‘08 Alumnus Josh Sandoz shares his experience of growing up an expatriate in Seoul, South Korea, and the questions he carries because of this experience. Josh is offering a workshop for adult Third Culture Kids at The Seattle School on April 6. Learn more about this event.
At seven years old, I experienced a mind-bending crisis of identity. There I sat, watching the LA Olympics on a small black and white TV, as boxers from the United States and South Korea took the ring and began pounding one another senseless in mutual pursuit of gold and glory. The official result of that match? I have no idea. I was too preoccupied, furiously wondering if I fully belonged anywhere in this world.
Born in Seoul to foreign missionary parents, I grew up a Third Culture Kid (TCK), part of an international community, attending a school with students from over fifty different nations. Experiencing myself “at-home” as a foreigner in South Korea and as a “hidden immigrant” when visiting my passport country, the United States, it’s not uncommon for me to find myself wondering to this day, “What is going on here?”
One way to look at that question would be to call it an anxiety-laced problem demanding quick resolution. Honestly, I’ve tried traveling that road, and I found the quality of adventure there quite lacking. However, as one of my favorite TCK authors, J.R.R. Tolkien, is known to have written, “Not all those who wander are lost.” Thusly, I found myself some years ago wandering to Seattle, stumbling through the doorway of a school that seemed to hold questions in an entirely different light.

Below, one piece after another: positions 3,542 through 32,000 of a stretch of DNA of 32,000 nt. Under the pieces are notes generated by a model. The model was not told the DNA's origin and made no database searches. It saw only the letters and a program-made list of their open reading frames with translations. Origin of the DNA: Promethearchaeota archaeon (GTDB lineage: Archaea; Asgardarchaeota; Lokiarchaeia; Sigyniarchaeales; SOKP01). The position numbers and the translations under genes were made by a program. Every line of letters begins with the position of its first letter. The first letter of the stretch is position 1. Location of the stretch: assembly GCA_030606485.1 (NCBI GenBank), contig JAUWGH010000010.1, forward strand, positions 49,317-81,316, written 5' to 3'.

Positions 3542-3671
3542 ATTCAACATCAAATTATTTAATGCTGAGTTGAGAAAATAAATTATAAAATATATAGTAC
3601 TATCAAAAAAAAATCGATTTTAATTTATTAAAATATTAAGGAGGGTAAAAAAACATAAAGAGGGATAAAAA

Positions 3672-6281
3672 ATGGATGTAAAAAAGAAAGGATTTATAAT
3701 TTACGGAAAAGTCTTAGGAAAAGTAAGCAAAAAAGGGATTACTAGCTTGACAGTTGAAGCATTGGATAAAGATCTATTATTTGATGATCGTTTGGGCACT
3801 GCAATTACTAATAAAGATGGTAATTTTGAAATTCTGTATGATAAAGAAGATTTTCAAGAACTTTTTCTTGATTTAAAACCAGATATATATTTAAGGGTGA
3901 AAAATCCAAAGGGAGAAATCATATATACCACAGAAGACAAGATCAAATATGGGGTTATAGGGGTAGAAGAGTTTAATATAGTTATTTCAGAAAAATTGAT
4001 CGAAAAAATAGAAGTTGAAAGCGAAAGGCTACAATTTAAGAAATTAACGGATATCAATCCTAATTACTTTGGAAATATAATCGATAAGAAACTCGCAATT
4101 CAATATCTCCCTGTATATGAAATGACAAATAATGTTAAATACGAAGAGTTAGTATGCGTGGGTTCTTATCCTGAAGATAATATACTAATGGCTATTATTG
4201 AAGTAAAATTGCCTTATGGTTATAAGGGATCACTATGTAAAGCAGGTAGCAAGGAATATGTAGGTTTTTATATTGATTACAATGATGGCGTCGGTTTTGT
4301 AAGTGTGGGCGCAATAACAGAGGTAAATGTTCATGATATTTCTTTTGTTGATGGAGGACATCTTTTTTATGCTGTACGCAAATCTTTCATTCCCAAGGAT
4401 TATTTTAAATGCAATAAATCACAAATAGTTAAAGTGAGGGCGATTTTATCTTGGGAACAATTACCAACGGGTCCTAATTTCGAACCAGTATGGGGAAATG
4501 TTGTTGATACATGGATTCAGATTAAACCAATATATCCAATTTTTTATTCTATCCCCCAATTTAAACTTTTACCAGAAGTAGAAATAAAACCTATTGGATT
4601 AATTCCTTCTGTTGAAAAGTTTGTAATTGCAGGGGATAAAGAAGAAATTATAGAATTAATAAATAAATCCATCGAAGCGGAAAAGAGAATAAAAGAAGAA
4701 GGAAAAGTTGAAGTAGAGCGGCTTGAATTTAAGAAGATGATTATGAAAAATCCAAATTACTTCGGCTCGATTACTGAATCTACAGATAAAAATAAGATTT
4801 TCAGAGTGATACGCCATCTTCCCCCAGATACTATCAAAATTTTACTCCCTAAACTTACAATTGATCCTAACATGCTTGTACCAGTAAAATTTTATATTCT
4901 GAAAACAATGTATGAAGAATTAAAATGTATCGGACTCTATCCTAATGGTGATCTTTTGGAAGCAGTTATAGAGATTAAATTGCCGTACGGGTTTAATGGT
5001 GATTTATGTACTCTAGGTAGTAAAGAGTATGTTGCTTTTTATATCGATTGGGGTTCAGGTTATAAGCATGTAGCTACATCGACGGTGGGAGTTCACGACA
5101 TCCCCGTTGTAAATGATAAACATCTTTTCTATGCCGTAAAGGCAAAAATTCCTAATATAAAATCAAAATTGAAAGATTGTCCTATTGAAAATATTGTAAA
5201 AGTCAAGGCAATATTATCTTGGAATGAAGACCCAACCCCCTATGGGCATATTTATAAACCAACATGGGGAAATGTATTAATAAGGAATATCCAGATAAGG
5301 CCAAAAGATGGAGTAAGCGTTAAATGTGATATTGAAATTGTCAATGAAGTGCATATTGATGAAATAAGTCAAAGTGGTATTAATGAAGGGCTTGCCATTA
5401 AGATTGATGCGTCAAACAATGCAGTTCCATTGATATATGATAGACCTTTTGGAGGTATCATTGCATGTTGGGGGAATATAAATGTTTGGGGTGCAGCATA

During my counseling psychology studies at The Seattle School of Theology and Psychology, I was challenged to embrace genuine questions more deeply and cultivate a spirit of honest curiosity that could be generative in an ongoing way. Applied to my own emotionally-charged questions, this capacity to honor them more fully has come to serve me well, both personally and professionally, as I continue to extend and receive care for that seven-year-old me, full of Olympic-sized panic, and his many kindred spirits that I continue to meet in Third Culture Kids of all ages.
While in graduate school, I kept strong ties to the international TCK community. Having served for two years as the Director of Child and Family Support Services with Interaction International, I continue to help facilitate Transition Seminars for TCKs moving to North America, and I like offering talks and workshops on the TCK experience. I get to meet with TCKs in my daily work as a mental health therapist in private practice, helping them consider deep questions of cultural identity, grief, loss, and the experience of what it’s been like to grow up “in-between.”
In addition to the “in-between” nature of my upbringing, my training and profession ask me to routinely consider another kind of in-between as well. Listening together to all manners of suffering and joy, I am mindful to wonder what is going on within another, within myself, and between the two of us as we work together. Given my background, I have strong bias that both realms of in-between are deeply meaningful. And I’ve come to enjoy wondering with others, “What is going on here?” as a path toward making a home for self and others in the substantive in-between.